This weekend, my teacher and mentor, Chase Bossart, came to Austin to teach a workshop to yoga teachers about Observation. He credited Mr. Desikachar with saying that “80% of what we do as yoga teachers is observation. When you have that down, you’ll know what to do.” In class, we did lots of great observing of each others’ bodies. We learned how to better assess our clients and to address their needs with āsana and that has already been helpful as I work with my yoga therapy clients. This practical piece is so useful and right away, I could see that this would be worth all those weekend hours and the tuition, but part of what I love about learning from Chase and this Krishnamacharya lineage is that there’s always more. There’s the other stuff that has to steep for a while and then slowly, sometimes after years, the understanding comes. There’s a reason that we observe in a particular way, and there’s a basis for understanding how we gather and come by correct knowledge. This may be the real gem of the weekend. As I’ve reflected, I can see it isn’t the first time I’ve learned this. There was a tough lesson learned on a really horriblly long night several years ago, but I’ll say more about that later.
In Patañjali’s yoga sūtra I.7, we get pratyakṣa anumāna āgamāḥ pramāṇāni. For those of you that don’t know the ancient language of Sanskrit off hand, this sūtra presents three ways we can gather accurate knowledge (pramāṇāni): we can see or perceive something directly (pratyakṣa), we can infer (anumāna), or we can seek information from a reliable reference (āgamāḥ).
If we can see that smoke fills the room and it’s really hot, that’s pratyakṣa. That’s what we are seeing and sensing directly. When we make the logical leap and say, “The apartment building must be on fire!!!” that’s anumāna. We can’t see the fire, but we’ve smelled smoke before, we know what associates with it so we can assume that fire is near. If we walk up to the building and see fire trucks and then our trustworthy apartment neighbor is standing there with soot smudged across his forehead and he tells us, “the building has been evacuated because there’s a fire on the fourth floor,” that’s āgamāḥ, or reliable reference. We aren’t seeing the smoke or the fire but we are hearing from someone we trust about the situation at hand.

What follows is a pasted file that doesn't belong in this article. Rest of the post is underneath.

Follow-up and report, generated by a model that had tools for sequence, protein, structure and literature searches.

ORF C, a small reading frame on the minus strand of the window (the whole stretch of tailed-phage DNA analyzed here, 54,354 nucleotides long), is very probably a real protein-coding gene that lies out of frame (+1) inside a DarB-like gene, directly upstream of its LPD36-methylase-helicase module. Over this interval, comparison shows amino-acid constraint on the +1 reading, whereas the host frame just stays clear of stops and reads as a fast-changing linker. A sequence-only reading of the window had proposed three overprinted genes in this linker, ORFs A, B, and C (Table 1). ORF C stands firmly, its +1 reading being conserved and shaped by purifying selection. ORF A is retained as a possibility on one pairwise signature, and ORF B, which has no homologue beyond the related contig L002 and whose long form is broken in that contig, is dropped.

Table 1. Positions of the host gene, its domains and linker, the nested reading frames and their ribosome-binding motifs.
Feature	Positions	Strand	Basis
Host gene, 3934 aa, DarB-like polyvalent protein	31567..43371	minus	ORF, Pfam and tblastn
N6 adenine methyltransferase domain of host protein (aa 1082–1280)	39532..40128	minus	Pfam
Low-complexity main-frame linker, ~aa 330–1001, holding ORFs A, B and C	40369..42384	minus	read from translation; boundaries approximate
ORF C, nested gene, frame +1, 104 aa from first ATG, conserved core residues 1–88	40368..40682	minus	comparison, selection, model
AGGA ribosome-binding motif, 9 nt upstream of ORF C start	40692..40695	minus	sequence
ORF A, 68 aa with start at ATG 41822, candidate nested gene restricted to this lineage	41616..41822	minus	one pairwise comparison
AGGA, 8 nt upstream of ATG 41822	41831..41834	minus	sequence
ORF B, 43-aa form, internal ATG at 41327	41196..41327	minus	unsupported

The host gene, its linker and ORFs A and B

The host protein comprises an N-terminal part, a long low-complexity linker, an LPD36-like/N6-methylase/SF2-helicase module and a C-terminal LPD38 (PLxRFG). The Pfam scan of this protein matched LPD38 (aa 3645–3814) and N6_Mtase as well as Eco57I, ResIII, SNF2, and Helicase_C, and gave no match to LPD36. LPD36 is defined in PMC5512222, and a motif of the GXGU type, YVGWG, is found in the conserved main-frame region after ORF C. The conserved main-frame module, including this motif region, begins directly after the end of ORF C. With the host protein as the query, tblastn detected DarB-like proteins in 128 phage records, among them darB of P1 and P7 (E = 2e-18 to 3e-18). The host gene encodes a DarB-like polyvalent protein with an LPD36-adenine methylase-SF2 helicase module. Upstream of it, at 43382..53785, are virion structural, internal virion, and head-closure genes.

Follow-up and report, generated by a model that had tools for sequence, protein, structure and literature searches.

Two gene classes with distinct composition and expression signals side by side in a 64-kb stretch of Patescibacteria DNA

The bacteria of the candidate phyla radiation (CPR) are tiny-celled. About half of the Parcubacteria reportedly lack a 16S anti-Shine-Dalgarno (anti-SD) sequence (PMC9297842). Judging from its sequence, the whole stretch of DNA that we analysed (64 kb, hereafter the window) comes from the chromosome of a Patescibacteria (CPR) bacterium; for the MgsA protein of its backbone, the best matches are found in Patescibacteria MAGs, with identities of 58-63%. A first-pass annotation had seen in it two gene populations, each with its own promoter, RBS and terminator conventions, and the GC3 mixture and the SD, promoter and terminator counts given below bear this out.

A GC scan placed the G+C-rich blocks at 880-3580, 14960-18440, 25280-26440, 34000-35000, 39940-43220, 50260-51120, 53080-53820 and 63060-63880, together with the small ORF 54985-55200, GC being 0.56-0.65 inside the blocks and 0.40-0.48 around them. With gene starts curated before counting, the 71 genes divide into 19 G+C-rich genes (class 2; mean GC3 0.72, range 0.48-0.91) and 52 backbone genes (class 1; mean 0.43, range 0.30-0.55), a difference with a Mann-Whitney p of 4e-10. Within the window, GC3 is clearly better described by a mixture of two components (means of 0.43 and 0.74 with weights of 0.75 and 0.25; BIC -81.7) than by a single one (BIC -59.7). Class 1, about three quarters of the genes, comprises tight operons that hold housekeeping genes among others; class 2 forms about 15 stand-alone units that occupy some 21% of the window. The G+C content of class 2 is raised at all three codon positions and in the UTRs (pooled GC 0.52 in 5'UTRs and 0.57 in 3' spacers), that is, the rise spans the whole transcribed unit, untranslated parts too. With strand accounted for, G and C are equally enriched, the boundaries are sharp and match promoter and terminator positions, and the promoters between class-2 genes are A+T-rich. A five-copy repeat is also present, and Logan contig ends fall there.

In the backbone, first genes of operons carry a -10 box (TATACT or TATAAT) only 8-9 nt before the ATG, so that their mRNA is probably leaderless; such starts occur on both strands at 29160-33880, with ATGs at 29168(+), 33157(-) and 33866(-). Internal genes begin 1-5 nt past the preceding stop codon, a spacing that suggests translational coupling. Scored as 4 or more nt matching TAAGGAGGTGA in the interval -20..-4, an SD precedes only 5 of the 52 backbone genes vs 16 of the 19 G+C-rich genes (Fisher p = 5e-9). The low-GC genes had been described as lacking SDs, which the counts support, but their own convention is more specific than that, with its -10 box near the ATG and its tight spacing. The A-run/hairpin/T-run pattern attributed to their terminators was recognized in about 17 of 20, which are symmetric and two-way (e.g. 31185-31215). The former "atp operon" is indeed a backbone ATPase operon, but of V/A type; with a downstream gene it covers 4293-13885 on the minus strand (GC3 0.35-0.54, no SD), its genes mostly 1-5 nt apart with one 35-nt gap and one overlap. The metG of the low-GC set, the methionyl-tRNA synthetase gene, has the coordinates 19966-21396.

So why do these means for gaining correct knowledge come to us in this order? Patañjali has good reason… #1-pratyakṣa, when we perceive something directly, that’s our best bet at correct knowledge, especially if we have done some yoga and have a clear and balanced system through which to perceive. #2 – anumāna also deals with our experience. A lot of inference is based on memory. We can make the logical leap and sometimes it gets us to accurate information. #3, āgamāḥ puts a few things between you and correct knowledge. Someone else is delivering the information to you. And it’s worth noting that the person may be amped up from narrowly escaping the dangerous fire and may not have perceived accurately but believes that he did, so he’s going to communicate what he believes to be true with great conviction. Reliable? Hopefully. Did you see it yourself? No. This is one sometimes effective way of getting to accurate perception or pramāṇāni, but it’s not always there. Yogi’s best chance at accuracy is still with #1. Make no mistake.
I hadn’t really considered this until I had a very scary night a many years ago. Dave was out of town and he was in a bad way. I knew he was in trouble. We were talking on the phone and then his phone went dead and I couldn’t reach him and at that moment, I actually believed that he was dead, too. I freaked out. I called the police in the town he was in and told them everything I knew about the situation. I called family and best friends and I told them all that he was dead. I was telling everyone this thing that I really believed was true. It was hor—ri–ble. At some point, Dave’s brother got on the phone with me and he’s a police officer. I guess he deals with hysterical people who throw around all sorts of anumāna and āgamāḥ all of the time, so he, in a level-headed and pratyakṣa-based way, reminded me that we didn’t actually know that Dave was dead and we had to wait until we knew.
It was at that moment that I felt the tiniest bit of hope spring up under all that darkness and desperation and I also realized that I had made a mistake. I had made an assumption and in this important and terrible moment, I had spread that misinformation around causing pain for many many people that love me and Dave. And perhaps the worse realization, I probably did that kind of thing all of the time.
I thank God, that night turned into the next morning and Dave made it through. I don’t know that I really had a way of applying what I learned about how we gather information, and make assumptions, and know things, but I also didn’t forget how I felt in the moment that Dave’s brother reminded me that some information was correct knowledge, and some wasn’t based on what we actually knew. It wasn’t based on what had been seen. That reminder helped me get through that night.
We move so fluidly between all of these methods of accessing information and the ‘knowing’ is not all of equal quality. But ther it is, coming in as one big blob of information and we give equal weight to all of the sources. We don’t distinguish between the different ways of knowing and we let ourselves believe and give as much credibility to the anumāna and the āgamāḥ as we would if we had seen it with our own eyes. But, heeding Patañjali’s, Chase’s, and Dave’s brother’s wisdom may help us to better navigate tough situations and stay clear about what kind of information we actually have.